What motivates us to get up in the morning for work? According to Dan Pink in this wonderful short from RSA, it’s not the financial carrot on a stick that drives us forward, but something deep within ourselves.

Social skills

Social skills are a very visible part of emotional intelligence, and probably the most important to success.  Without social skills, we can’t build meaningful relationships with people, and we struggle to get ahead in our careers. Where our social skills come from, and how they develop is still up for debate, but according to this informative short from NPR, play could be the answer!


P.S. Loved these videos? Then subscribe to our YouTube channel for more!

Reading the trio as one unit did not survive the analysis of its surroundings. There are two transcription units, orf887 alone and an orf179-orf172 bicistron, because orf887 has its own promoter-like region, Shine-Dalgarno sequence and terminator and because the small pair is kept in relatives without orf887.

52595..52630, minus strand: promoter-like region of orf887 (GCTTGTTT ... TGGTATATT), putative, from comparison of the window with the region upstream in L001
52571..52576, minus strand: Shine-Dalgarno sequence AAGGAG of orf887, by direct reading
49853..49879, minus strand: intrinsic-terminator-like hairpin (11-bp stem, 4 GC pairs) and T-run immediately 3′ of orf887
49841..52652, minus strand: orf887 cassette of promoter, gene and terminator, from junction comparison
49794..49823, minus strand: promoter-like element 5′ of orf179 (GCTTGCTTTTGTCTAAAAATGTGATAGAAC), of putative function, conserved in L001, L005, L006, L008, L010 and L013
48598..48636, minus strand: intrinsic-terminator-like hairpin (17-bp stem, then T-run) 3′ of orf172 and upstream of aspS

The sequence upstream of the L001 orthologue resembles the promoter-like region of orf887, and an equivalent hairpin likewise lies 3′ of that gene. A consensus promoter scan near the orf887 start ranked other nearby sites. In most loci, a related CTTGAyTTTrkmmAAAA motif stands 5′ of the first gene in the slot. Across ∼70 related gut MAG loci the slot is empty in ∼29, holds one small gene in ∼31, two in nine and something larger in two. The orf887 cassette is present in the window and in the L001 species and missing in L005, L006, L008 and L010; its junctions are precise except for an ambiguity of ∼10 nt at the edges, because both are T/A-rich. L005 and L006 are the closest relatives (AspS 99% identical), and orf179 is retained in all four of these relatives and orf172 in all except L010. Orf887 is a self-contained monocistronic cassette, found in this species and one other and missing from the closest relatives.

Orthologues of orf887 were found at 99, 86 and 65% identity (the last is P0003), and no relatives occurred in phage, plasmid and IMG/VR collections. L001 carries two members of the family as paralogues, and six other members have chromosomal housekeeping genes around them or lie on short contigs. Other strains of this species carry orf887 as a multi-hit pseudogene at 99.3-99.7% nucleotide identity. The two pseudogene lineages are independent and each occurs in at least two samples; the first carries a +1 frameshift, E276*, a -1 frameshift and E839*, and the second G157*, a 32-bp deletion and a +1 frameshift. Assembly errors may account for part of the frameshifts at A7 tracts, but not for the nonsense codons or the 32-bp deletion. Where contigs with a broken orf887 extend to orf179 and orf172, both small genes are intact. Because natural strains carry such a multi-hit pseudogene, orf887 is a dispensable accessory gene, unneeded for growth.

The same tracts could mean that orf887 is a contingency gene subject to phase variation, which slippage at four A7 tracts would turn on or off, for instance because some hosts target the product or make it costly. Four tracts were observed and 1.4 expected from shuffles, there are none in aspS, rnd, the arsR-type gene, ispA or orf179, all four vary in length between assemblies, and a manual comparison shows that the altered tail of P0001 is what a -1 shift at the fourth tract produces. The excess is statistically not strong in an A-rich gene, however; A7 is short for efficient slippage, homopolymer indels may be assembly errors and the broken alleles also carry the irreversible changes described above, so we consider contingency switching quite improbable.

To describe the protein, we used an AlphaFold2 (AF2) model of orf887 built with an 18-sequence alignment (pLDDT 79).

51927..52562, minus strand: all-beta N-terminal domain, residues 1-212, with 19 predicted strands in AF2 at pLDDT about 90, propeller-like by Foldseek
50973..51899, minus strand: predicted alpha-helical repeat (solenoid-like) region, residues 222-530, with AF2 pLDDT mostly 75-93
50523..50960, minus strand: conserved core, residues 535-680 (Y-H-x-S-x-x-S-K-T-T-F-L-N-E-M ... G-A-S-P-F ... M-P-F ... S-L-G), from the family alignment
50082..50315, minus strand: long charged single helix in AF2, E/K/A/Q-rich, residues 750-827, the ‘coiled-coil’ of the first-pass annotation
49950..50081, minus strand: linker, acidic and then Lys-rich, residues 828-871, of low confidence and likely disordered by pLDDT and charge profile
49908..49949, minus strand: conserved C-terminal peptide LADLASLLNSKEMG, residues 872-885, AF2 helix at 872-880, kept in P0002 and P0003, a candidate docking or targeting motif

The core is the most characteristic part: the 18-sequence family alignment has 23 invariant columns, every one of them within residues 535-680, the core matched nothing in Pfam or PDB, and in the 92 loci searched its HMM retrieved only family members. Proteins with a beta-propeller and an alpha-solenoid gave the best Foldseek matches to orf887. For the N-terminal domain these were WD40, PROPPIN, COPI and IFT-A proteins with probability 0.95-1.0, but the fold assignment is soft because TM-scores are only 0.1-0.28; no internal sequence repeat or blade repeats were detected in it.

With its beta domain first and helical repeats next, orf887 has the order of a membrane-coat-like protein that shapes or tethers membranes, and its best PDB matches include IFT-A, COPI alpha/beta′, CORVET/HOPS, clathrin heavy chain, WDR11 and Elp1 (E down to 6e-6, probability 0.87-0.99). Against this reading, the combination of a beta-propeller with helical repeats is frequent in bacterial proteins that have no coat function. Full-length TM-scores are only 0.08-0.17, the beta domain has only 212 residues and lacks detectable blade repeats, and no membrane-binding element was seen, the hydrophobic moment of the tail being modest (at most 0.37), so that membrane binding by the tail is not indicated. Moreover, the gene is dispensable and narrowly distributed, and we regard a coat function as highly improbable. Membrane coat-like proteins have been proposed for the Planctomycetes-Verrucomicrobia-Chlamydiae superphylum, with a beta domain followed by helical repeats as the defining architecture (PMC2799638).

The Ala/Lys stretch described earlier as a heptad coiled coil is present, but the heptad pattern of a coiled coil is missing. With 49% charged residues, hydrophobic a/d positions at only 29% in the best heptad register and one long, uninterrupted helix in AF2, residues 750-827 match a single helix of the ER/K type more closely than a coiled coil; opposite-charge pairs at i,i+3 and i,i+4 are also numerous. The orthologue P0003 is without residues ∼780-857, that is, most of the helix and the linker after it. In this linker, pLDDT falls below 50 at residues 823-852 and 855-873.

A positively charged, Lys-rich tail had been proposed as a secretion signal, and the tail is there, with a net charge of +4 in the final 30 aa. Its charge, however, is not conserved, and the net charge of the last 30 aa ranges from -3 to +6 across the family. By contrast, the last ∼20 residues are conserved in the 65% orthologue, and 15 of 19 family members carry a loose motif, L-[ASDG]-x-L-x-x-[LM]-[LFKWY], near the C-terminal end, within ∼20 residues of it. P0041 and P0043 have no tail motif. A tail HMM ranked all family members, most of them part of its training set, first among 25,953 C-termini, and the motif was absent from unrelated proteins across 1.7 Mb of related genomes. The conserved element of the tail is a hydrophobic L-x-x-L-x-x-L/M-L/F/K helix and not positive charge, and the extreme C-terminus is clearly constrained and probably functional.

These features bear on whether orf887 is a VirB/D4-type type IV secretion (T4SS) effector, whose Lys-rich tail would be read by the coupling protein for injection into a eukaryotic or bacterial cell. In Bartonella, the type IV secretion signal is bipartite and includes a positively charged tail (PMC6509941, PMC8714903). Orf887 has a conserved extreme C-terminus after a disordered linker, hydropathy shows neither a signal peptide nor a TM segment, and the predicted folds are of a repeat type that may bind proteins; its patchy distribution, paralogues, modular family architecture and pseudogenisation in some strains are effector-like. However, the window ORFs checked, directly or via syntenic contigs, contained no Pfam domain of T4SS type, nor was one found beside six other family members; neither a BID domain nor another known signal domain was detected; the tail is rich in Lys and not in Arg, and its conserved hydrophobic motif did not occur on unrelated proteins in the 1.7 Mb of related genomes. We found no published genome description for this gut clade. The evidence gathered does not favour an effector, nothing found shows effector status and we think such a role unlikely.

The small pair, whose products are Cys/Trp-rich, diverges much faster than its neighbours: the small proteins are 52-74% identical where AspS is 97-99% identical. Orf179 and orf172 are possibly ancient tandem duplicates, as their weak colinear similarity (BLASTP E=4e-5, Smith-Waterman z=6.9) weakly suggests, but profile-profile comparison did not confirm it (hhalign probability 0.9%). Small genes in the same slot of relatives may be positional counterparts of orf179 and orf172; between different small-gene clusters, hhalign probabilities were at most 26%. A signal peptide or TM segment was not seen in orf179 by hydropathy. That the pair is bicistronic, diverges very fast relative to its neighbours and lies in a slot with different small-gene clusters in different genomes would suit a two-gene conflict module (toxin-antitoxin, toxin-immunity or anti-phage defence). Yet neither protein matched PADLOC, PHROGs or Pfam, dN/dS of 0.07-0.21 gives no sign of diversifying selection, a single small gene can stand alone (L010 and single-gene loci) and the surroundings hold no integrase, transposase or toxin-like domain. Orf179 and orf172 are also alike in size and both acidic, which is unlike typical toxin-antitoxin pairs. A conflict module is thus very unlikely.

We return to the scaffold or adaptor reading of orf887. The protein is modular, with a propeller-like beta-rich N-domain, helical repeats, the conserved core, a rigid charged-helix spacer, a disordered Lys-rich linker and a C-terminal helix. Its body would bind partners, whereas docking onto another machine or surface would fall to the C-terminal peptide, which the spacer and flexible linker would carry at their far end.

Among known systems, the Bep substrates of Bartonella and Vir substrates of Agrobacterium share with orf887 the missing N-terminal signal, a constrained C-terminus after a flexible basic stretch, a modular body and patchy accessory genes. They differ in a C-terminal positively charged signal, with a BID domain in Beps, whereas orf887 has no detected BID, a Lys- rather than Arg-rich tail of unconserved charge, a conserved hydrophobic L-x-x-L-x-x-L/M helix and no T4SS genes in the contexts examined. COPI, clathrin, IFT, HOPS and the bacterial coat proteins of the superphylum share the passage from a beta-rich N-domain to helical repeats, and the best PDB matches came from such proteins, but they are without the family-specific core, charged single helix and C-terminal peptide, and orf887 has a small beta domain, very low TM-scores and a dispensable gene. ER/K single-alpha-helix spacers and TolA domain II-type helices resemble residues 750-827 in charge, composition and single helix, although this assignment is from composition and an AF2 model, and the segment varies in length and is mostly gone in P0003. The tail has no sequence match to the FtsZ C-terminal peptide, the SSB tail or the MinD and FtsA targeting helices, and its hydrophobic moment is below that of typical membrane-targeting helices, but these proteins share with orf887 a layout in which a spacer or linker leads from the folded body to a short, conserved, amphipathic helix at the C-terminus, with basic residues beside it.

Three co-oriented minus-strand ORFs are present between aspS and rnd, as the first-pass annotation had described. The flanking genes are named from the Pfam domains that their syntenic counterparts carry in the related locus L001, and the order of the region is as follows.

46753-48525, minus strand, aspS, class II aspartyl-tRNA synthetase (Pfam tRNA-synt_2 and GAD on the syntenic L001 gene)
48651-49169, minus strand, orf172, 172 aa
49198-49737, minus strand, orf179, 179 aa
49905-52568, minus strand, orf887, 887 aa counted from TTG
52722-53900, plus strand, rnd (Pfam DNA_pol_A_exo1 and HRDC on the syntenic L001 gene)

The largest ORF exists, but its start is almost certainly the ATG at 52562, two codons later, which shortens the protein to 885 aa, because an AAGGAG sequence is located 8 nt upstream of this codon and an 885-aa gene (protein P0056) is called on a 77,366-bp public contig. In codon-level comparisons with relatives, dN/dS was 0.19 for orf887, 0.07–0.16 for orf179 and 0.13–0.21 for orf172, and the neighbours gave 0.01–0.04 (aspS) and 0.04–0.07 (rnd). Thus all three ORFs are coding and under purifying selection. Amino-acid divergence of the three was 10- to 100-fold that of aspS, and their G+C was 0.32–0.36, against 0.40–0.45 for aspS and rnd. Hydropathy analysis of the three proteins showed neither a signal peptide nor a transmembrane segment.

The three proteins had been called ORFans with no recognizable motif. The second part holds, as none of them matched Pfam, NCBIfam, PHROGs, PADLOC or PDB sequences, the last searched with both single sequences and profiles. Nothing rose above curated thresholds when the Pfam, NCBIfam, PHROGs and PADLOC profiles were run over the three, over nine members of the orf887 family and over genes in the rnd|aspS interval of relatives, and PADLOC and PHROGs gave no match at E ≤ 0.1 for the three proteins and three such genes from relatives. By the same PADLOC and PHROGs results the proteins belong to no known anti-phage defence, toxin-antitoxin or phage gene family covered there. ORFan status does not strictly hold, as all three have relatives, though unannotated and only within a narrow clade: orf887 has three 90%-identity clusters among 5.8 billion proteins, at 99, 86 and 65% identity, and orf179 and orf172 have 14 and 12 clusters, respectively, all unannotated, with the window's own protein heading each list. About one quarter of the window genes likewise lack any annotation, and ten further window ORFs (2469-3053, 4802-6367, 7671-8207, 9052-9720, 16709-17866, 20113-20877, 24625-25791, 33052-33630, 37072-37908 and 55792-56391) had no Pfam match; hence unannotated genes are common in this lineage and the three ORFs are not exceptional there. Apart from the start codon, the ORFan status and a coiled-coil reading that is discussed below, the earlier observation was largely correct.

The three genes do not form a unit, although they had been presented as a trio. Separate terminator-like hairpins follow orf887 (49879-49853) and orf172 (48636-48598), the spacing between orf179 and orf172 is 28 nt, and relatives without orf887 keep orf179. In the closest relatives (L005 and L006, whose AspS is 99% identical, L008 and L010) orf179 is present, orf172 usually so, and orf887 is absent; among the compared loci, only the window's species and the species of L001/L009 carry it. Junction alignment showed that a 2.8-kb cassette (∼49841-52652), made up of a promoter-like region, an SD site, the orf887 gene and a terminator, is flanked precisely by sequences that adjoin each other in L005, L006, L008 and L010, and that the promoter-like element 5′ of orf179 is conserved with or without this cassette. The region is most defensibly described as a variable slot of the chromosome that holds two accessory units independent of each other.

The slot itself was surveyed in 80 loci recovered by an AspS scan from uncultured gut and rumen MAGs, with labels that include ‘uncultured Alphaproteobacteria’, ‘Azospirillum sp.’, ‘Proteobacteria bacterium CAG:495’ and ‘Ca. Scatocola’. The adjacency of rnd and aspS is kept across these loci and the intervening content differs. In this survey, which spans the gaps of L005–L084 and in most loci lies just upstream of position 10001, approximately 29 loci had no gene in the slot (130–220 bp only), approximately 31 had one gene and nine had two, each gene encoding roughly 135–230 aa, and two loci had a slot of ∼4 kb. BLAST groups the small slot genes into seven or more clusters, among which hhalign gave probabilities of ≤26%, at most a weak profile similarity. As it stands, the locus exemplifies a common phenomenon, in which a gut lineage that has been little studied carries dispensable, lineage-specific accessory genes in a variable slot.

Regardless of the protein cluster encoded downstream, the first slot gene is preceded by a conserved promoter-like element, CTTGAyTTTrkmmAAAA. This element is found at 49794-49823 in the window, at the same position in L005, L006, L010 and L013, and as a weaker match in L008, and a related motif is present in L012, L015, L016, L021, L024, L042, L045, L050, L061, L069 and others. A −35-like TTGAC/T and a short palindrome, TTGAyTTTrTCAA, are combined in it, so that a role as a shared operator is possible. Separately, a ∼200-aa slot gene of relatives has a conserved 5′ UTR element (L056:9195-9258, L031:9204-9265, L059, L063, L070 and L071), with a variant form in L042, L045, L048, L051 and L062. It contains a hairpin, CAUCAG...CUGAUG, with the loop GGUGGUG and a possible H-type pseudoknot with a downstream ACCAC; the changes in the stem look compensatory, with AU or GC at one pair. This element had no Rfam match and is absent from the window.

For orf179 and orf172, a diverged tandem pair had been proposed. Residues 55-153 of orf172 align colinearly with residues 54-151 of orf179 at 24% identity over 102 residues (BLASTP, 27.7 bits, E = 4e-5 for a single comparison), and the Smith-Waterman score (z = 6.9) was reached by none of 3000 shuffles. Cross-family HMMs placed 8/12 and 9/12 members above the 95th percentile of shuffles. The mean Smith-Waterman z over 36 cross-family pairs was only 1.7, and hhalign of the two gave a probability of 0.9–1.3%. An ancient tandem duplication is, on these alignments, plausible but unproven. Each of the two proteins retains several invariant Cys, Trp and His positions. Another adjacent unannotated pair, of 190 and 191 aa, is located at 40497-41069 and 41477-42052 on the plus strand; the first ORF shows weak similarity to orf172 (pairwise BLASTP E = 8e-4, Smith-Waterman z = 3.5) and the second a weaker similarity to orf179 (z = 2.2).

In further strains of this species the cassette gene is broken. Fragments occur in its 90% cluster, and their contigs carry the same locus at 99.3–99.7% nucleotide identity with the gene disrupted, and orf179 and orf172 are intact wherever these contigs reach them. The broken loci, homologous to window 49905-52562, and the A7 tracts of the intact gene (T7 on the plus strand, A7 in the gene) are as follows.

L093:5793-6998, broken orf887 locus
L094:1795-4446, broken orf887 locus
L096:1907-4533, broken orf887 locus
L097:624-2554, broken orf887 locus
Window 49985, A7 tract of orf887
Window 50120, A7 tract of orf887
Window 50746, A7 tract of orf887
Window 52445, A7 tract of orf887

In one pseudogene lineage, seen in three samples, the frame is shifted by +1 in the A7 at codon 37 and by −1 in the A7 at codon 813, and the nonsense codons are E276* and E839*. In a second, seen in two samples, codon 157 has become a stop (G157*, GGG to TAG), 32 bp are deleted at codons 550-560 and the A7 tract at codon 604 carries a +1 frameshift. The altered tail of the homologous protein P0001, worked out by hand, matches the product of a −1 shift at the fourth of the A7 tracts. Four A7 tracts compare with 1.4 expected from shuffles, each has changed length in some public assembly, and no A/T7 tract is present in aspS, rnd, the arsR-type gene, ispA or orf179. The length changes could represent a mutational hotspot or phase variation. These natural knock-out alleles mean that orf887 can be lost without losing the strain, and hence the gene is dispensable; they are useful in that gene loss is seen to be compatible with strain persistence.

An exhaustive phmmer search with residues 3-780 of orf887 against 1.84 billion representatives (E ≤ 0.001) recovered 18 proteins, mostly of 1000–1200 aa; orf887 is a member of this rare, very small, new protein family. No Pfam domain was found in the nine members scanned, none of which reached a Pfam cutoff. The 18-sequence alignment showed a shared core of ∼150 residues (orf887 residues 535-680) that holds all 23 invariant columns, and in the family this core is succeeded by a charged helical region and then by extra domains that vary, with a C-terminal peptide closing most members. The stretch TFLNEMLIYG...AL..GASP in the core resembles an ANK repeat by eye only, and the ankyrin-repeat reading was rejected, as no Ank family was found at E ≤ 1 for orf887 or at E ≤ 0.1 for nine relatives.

likeable
Connection, Social Skills

5 Infallible Ways to Become Even More Likable

Loving and accepting yourself is paramount, but being someone others enjoy having around can also help make you happier and more successful.

A Harvard study suggests that, at work, being likable matters more than being smart or competent. Researchers found that most people prefer to work with someone they like than with someone they don’t like, even if the person they don’t like could do a better job.

Scientists also have solid evidence that strong social relationships — a direct result of being able to get along with people — has been proven to increase someone’s survival odds by 50%. That’s twice as much as exercise, and just as powerful as not smoking.

So, while it’s vitally important to have a positive self-esteem, the esteem of others’ goes a long way in your health, success and happiness too.

Now, how do you increase your people skills? Here are five strategies that have been proven to work:

Expect the best